However, eventually the threads all tie together, with Miller not as much exploring how to re-tell his story, but how to engage in a story at all. He tells some beautiful and interesting tales along the way. I'm not sure how many are completely true and how many are embellished, but it doesn't really matter. His point comes across well that story is important. Without it, we wind up living meaningless lives.

John Eldredge often says the same thing, saying we do live in a story, but we have to wake up to it. Miller also quotes my psychology idol, Viktor Frankl, and his most famous (although not at all best) book, Man's Search for Meaning. Frankl's thesis for psychotherapy is that our primary drive is for meaning, and without it, we die.

Miller in some ways applies this idea and says that we make meaning through story. Without a meaningful story, we essentially live dead lives, just functioning according to the daily grind. Miller has some powerful imagery from his own life to elucidate this point.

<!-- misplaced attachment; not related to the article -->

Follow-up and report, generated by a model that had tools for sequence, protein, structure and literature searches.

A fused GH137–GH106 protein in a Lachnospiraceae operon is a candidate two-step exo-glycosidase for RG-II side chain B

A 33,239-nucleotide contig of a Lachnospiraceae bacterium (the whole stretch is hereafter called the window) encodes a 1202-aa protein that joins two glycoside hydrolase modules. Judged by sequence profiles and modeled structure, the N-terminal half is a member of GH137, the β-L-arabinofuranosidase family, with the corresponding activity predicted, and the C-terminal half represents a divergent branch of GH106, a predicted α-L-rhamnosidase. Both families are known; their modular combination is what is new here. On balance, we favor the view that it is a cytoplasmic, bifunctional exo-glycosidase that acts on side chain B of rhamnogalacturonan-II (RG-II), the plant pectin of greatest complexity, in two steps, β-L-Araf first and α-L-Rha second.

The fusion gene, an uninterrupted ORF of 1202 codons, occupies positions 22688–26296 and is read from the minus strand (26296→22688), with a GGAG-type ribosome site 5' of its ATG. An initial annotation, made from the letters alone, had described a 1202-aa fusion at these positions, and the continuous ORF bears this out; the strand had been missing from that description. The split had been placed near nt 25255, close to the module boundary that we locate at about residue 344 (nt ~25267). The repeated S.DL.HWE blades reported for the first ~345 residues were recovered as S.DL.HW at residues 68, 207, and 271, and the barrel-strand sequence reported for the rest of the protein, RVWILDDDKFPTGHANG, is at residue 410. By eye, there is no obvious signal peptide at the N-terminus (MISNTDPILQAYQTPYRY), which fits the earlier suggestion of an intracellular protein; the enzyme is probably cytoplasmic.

I would generally agree that story elucidates our meaning. However, I would say that meaning comes through relationships. Ultimately, I believe our primary purpose is to love God and love others. We don't necessarily have to have a grand story to achieve that. Perhaps our meaning is to do so through the daily grind. But that transforms the grind into something transcendent.

It's not an either/or. But I think we have to remember the goal. The goal is not to have a story (and I don't think Miller would say that, either). The goal is to love God and others. We need a context and a motivation to do that. Finding our narrative can provide us just that, in turn giving us enough life and energy to love and be loved.

All-in-all, A Million Miles in a Thousand Years is a good book. I liked it more than Blue Like Jazz. It made me rethink some of the ways I have told parts of my story (I may post on that at another time). The unique thing is you have to have patience with the book. This actually fits, as we need patience with our story. Patience makes the end product so much more meaningful.

Note: I received a complimentary copy of this audiobook in exchange for a review (with no obligation for a positive review).
Review by / (Posted on 1/23/2011)
My Favourite Audio For 2010
I have thoroughly enjoyed every minute of this audio. I love the concept that our lives are story, that they can be made better or worse depending on how we want to live. Simple but so powerful.